He had put a little pen mark on the side that was the performance side. “Now, make sure you play this side tonight, not the other side with the demo,” he stressed.

I nodded and smiled.

“Oh, and this track has a false ending…you’ll think the song is over, but just let it run, and it kicks back in after a couple of seconds.”

“No problem, sir.” I said.

“Now son, remember that…it’s very important,” the singer said, with a serious look.

“Oh, don’t worry! He’s great!” our MOM chimed in again, “he’ll do a great job for you!”

So I went back to the sound booth and the evening went well.

Until we got to that song.

I accidentally put the cassette in with the wrong side cued, and started it.

Of course, the demo started playing, with someone else’s voice!

I stopped the tape, flipped it over, and started rewinding. It was the slowest rewind ever!

The singer was gracious and made a little joke about it, along the lines of “I should have just lip synced, and you all would have thought I was a better singer!”

So I started the tape again, and things seemed to go okay, but I was pretty flustered at this point, and the song came to a big crashing crescendo and faded out.

Then I stopped the tape.

The singer pulled the mic up to his mouth for the real ending of the song, and it wasn’t there.

“Don’t stop the tape!” he said, and every head in the room turned to me.

I started it back up, and played the big, big ending. The crowd loved it, and the senior pastor came up, grabbed a mic and said “That was great! Chris, rewind the tape, let’s hear it again!”

At this moment, I’m thinking two things: First, why does my pastor hate me? And – did he really have to say my name? Just in case someone in the room didn’t know who the imbecile at the sound board was?

So I rewound it and started again. This time, after I started the tape, I stood at the other end of the booth, so I wouldn’t be tempted to stop anything early.

The song got to the big crescendo, and as the first silence hit, he sang, in perfect pitch: “Don’t stop the tape, brooothhheerrrr!!!!’

There was a red glow coming from the back of the room. From my face.

The rest of the night was pretty uneventful, but after it was over, I packed up all his tracks and dropped them off in the green room. I shut down the system, and, not looking at or talking to anyone, I walked right out of the building, to my car, and straight home.

I still get the willies thinking about it. 🙂

Contributed by Chris Lesher
North Little Rock, Arkansas

Hey ya’ll my most embarrassing moment was a few years back and we had a guest singer at our church that was using soundtracks. At the end of the first song it went into an silent moment and it was then was to have a big musical finish. Well, at the silent part I hit the stop button, wiped down the CD and put it back in the case. Well the singer was waiting for the musical finish.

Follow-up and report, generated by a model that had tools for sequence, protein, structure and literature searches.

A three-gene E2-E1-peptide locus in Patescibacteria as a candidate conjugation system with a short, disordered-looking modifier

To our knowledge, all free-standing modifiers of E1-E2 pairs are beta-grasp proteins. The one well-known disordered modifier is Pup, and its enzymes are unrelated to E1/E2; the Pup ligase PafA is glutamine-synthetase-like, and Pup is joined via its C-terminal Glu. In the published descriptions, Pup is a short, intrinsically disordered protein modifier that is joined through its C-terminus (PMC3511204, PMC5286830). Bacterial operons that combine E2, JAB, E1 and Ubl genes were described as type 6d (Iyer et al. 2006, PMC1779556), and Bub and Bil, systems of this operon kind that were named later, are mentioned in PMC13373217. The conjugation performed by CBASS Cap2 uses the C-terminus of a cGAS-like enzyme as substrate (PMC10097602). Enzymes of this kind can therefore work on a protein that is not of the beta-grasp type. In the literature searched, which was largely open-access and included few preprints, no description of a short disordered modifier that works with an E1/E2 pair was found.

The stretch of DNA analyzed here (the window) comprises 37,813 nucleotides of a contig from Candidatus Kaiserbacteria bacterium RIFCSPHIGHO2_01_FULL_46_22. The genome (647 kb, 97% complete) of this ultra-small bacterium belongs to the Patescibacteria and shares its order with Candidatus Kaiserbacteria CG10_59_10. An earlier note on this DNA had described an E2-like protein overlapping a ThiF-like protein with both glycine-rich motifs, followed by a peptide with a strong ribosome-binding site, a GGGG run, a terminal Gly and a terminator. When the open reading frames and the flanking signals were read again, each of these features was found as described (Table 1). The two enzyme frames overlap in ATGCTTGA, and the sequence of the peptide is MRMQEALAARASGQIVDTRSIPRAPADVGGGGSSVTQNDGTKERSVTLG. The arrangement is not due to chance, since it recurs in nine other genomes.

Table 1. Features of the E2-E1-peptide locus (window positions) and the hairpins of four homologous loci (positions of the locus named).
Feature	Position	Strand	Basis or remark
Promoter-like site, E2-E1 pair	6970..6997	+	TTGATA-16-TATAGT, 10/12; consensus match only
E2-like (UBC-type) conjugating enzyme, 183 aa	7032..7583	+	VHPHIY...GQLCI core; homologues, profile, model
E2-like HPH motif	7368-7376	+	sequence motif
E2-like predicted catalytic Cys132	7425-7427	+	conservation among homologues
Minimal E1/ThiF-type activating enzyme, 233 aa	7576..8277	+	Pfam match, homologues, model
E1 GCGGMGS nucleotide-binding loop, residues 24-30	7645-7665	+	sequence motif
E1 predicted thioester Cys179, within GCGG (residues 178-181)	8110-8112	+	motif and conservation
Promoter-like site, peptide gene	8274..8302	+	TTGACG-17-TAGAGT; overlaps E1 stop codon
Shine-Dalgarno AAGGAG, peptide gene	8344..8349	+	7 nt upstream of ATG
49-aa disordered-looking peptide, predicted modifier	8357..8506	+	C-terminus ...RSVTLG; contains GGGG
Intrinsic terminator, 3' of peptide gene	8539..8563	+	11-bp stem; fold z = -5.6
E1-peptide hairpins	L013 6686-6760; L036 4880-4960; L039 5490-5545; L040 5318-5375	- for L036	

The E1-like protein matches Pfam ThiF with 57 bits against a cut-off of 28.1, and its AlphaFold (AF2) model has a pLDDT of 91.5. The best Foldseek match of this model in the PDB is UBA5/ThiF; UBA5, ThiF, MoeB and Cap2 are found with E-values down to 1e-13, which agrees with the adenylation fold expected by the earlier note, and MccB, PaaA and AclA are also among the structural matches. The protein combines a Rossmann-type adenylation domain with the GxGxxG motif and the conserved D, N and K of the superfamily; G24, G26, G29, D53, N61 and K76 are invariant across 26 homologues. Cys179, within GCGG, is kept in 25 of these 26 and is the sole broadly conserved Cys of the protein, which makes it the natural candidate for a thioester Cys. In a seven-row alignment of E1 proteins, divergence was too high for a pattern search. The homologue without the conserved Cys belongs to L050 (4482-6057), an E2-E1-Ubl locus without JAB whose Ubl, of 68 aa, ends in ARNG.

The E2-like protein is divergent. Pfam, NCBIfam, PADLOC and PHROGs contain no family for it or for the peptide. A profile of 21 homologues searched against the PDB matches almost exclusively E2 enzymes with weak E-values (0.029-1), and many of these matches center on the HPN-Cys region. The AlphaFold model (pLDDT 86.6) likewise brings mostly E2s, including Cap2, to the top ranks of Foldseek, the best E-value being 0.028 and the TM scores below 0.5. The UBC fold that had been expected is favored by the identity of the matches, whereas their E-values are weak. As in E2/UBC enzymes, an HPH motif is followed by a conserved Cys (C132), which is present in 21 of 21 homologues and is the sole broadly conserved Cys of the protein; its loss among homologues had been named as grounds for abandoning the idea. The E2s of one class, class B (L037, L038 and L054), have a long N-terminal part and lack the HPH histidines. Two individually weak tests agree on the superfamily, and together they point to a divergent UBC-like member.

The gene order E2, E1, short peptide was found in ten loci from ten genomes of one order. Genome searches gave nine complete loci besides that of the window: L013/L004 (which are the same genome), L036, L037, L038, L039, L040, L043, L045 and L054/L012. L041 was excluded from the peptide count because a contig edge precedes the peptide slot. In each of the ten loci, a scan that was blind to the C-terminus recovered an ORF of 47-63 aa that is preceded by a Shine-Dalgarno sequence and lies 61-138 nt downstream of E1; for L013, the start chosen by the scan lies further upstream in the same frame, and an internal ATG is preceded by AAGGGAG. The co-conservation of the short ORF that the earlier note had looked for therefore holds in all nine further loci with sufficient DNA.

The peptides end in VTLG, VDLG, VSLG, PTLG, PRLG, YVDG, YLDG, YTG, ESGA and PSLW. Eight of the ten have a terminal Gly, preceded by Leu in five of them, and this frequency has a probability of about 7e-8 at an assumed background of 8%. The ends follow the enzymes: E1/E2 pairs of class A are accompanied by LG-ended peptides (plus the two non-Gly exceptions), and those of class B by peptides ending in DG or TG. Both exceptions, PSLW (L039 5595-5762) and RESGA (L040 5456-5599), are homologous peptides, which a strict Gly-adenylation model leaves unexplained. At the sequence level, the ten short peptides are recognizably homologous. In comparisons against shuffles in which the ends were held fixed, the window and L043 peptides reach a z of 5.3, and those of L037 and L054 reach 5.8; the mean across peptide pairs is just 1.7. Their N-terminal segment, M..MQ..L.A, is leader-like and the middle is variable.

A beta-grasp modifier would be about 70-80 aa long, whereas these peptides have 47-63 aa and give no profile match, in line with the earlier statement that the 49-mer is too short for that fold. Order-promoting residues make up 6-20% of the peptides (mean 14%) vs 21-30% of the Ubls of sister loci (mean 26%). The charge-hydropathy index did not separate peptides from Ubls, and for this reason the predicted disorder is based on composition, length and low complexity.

Contributed by Paul

I was sitting at my computer reading email one morning about 10 minutes to 10 when the phone rang. My pastor asked if I was planning on doing sound for the wedding.

Well sure. I will be there about 10:30 Plenty of time for a 11:00 wedding. No Frank, it starts at 10:00

Very fast drive, I called the pastor from my car and asked him to put fresh batteries in his and the grooms mic, and every thing came up as it should. The wedding started about 10:10.

It was about a week later when I got up the nerve to call the mother of the bride and apologies. She told me that at the last minute Grandmother had decided she could make it after all but didn’t want any one to wait on her account. She showed up 7 min late and sat down in time to watch her granddaughter come down the isle.

God is good.

BTW

No one seems to understand why I ask the time of the ceremony when they call to tell me the date, again at the beginning of the rehearsal, and again at the end of the rehearsal and write it down each time.

Contributed by Frank DeWitt

There was the time I was running sound for a local high school choir using the church auditorium. They were using CD track and like many accompaniment disk each song was divided into several tracks. The rehearsals were done early in the week and everything was fine. At some point during the week I made some adjustments and repairs to the audio feed to the video booth. I played tone on the CD while I adjusted levels at each recorder. To make things easier I set the CD to loop the track, which of course I thought I set back to normal when I was done. About 30 seconds into the first song the music stopped abruptly and suddenly started back at the beginning. It only took a few seconds to realize what had happened and I quickly fixed the CD player to the right setting, the director told the crowd we had some technical difficulties, and we were going to start over. We restarted the song and the rest of the evening went just fine. To this day I still have to triple check my CD player to make sure everything set right.

Contributed by Brant Harman
Grapevine, TX